Keywords and Terms: Neu-Laxova syndrome, microcephaly, ocular hypertelorism, craniofacial, autosomal recessive, lymphedema, edema, autopsy, Dandy-Walker Malformation, hepatomegaly, transposition of great vessels, IUGR, ichthyosis, Ultrasonography, Cerebellar hypoplasia, Cerebro-osseous-digital syndrome, lethal skeletal dysplasia, lymphatic dysplasia, limb contractures, ocular proptosis, edematous fetus.
Genetic disorder inherited as an autosomal recessive trait.
Though it is believed to be genetic, researchers have attempted to isolate specific markers such as consanguinity and history of intrauterine death or stillbirth in siblings to help in the prenatal diagnosis of Neu-Laxova Syndrome.
Can be diagnosed through the use of sonography.
“The ultrasonographic may include receding forehead, hypertelorism, cataract, severe ectropion, proptosis, prominent eyes, malformed ears, flat nose, micrognathia, severe microcephaly, lissencephaly, dysgenesis of the corpus callosum, hypoplasia of the cerebellum, Dandy-Walker anomaly, choroid plexus cysts, unilateral renal agenesis, abnormal external genitalia (curved penis, cryptorchidism), hypoechoic skeletal structures, kyphosis, contractures of limbs, swelling and webbing of the knee and elbow joints, and severe edema of the hands and feet, giving the impression of absent digits, edema, polyhydramnios, intrauterine growth retardation and feeble fetal.” (1)
Lissencephaly, cerebrooculofacioskeletal syndrome, arthrogryposis.
Severe growth delays before birth (intrauterine growth retardation); low birth weight and length; and distinctive abnormalities of the head and facial (craniofacial) region, marked smallness of the head (microcephaly), sloping of the forehead, widely spaced eyes (ocular hypertelorism), generalized edema, Yellow subcutaneous tissue, Syndactyly of fingers, Syndactyly of toes Puffy hands, Puffy feet, Persistent embryonic eye structures, Absent eyelashes, Absent head hair, Underdeveloped genitals, Polyhydramnios, Short umbilical cord, Small placenta..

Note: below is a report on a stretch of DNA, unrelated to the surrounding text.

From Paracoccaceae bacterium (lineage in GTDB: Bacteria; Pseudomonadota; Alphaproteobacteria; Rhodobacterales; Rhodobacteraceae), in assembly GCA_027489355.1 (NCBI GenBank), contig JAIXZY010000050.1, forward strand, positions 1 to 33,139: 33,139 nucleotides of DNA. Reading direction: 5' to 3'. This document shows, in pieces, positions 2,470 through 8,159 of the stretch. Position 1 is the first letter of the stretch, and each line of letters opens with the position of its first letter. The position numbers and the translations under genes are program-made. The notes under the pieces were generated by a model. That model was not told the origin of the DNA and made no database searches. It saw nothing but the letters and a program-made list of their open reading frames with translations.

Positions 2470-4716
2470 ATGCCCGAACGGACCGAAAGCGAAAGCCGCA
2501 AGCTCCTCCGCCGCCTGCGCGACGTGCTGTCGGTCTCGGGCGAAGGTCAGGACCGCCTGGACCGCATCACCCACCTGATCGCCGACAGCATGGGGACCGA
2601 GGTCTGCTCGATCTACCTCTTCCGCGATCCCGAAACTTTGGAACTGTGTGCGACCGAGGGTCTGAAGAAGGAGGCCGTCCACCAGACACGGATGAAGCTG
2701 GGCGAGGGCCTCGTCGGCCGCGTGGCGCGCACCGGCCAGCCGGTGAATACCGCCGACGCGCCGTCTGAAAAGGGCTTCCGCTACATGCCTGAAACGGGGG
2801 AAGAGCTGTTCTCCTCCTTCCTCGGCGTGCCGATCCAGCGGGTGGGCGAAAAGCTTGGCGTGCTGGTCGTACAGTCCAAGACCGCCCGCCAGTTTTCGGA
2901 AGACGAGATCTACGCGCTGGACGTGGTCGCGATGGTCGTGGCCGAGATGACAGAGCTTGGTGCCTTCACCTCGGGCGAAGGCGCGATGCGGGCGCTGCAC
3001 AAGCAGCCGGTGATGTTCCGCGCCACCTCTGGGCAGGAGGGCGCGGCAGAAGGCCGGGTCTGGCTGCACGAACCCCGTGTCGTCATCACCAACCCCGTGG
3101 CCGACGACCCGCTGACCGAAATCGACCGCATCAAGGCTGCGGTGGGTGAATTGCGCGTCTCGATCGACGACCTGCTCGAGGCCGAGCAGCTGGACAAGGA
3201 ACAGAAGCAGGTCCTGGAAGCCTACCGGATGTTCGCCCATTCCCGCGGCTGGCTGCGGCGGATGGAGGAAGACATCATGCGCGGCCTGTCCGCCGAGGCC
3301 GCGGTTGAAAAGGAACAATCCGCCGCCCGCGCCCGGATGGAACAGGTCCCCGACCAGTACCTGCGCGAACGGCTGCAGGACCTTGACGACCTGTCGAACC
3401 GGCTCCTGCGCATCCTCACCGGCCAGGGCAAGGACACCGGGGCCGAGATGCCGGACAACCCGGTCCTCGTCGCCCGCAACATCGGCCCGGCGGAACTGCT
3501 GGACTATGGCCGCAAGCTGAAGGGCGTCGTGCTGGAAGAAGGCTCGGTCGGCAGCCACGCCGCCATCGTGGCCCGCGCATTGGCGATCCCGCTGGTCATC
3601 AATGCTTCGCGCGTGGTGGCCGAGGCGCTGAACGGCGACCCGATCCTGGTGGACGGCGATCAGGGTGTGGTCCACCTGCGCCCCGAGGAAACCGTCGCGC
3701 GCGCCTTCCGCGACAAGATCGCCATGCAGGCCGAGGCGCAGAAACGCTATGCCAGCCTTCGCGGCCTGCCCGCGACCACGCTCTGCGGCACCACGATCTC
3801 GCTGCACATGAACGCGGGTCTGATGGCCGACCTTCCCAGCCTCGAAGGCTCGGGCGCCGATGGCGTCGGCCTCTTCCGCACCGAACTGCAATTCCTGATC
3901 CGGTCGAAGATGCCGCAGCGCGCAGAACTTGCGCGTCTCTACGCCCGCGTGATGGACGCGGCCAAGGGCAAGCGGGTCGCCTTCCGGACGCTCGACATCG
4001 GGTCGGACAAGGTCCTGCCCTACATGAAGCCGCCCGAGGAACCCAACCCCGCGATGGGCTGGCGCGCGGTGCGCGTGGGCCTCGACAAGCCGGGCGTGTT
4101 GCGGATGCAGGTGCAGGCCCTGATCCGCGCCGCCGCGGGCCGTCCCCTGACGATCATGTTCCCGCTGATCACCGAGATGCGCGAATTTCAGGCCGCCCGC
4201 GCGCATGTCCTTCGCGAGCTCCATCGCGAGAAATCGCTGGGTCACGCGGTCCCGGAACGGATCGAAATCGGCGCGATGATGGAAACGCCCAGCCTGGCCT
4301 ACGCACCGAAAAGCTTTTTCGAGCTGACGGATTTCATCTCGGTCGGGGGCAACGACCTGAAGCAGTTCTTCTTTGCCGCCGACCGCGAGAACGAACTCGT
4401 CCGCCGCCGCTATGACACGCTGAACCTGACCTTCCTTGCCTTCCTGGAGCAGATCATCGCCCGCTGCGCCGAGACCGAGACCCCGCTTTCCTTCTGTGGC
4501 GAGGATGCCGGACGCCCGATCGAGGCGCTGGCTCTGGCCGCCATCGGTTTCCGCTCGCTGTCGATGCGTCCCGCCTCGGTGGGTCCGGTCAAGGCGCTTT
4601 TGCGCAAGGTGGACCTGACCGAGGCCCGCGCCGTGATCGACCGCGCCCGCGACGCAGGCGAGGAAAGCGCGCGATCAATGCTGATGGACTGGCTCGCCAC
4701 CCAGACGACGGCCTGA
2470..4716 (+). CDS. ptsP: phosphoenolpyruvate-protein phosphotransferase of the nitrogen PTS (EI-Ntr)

Neu-Laxova is universally fatal. There is no known treatment or preventative measures that can be done.
Neu-Laxova syndrome is fatal. Affected individuals are usually stillborn or die within six months of birth.
Rare manifestations of Neu-laxova syndrome.
Badakali M, Badakali A, Dombale V. Source Department of Obstetrics and Gynecology, S.N. Medical College and Research Centre, Bagalkot, India.
Keywords Neu-Laxova syndrome, growth retardation, autopsy, Dandy-Walker malformation, hepatomegaly, transposition of great vessels
Neu-Laxova syndrome is a rare lethal congenital disorder involving multiple systems. Intrauterine growth retardation, ichthyosis, microcephaly, abnormal facial findings and limb contractures are its key features. We present a stillborn female baby of 1.5 kg with characteristic features including growth retardation, microcephaly, severe ectropion, micrognathia, flattened nose, eclabion, large ears, puffy hands and feet. In addition to these features, lissencephaly, severely hypoplastic cerebrum and corpus callossum, Dandy-Walker malformation, Transposition of Great Vessels and hepatomegaly were noted at autopsy. The patient was born at 38 weeks of gestation to consanguineous (second degree) Indian parents. The mother was 26 year old second gravida with lack of prenatal followup. Therefore, the condition was diagnosed postnatally. Because of the autosomal recessive inheritence of Neu-Laxova syndrome, in countries with high rates of consanguineous marriage, serial prenatal ultrasound examinations with genetic counseling should be performed on pregnant women at high risk to offer termination of affected pregnancies.
Neu-Laxova syndrome: a prenatal diagnosis.
Dhillon P, Bofill JA.
Division of Maternal Fetal Medicine, Department of Obstetrics and Gynecology, University of Mississippi Medical Center, Jackson. 39216, USA.
Neu-Laxova syndrome is a rare autosomal recessive congenital disorder. Prenatal diagnosis is possible via second trimester ultrasonography. Characteristic ultrasound findings include hydramnios, severe intrauterine growth restriction, craniofacial and CNS anomalies, limb contractures, skin lymphedema, skin restrictions, and akinesia. Fewer than 70 cases have been reported, and no survival beyond six months of age is known with most neonatal deaths occurring within the first few days of life. Overall, this is a lethal condition after birth secondary to severe lung hypoplasia and brain anomalies. Herein we report a recent case from our institution with prenatal diagnosis.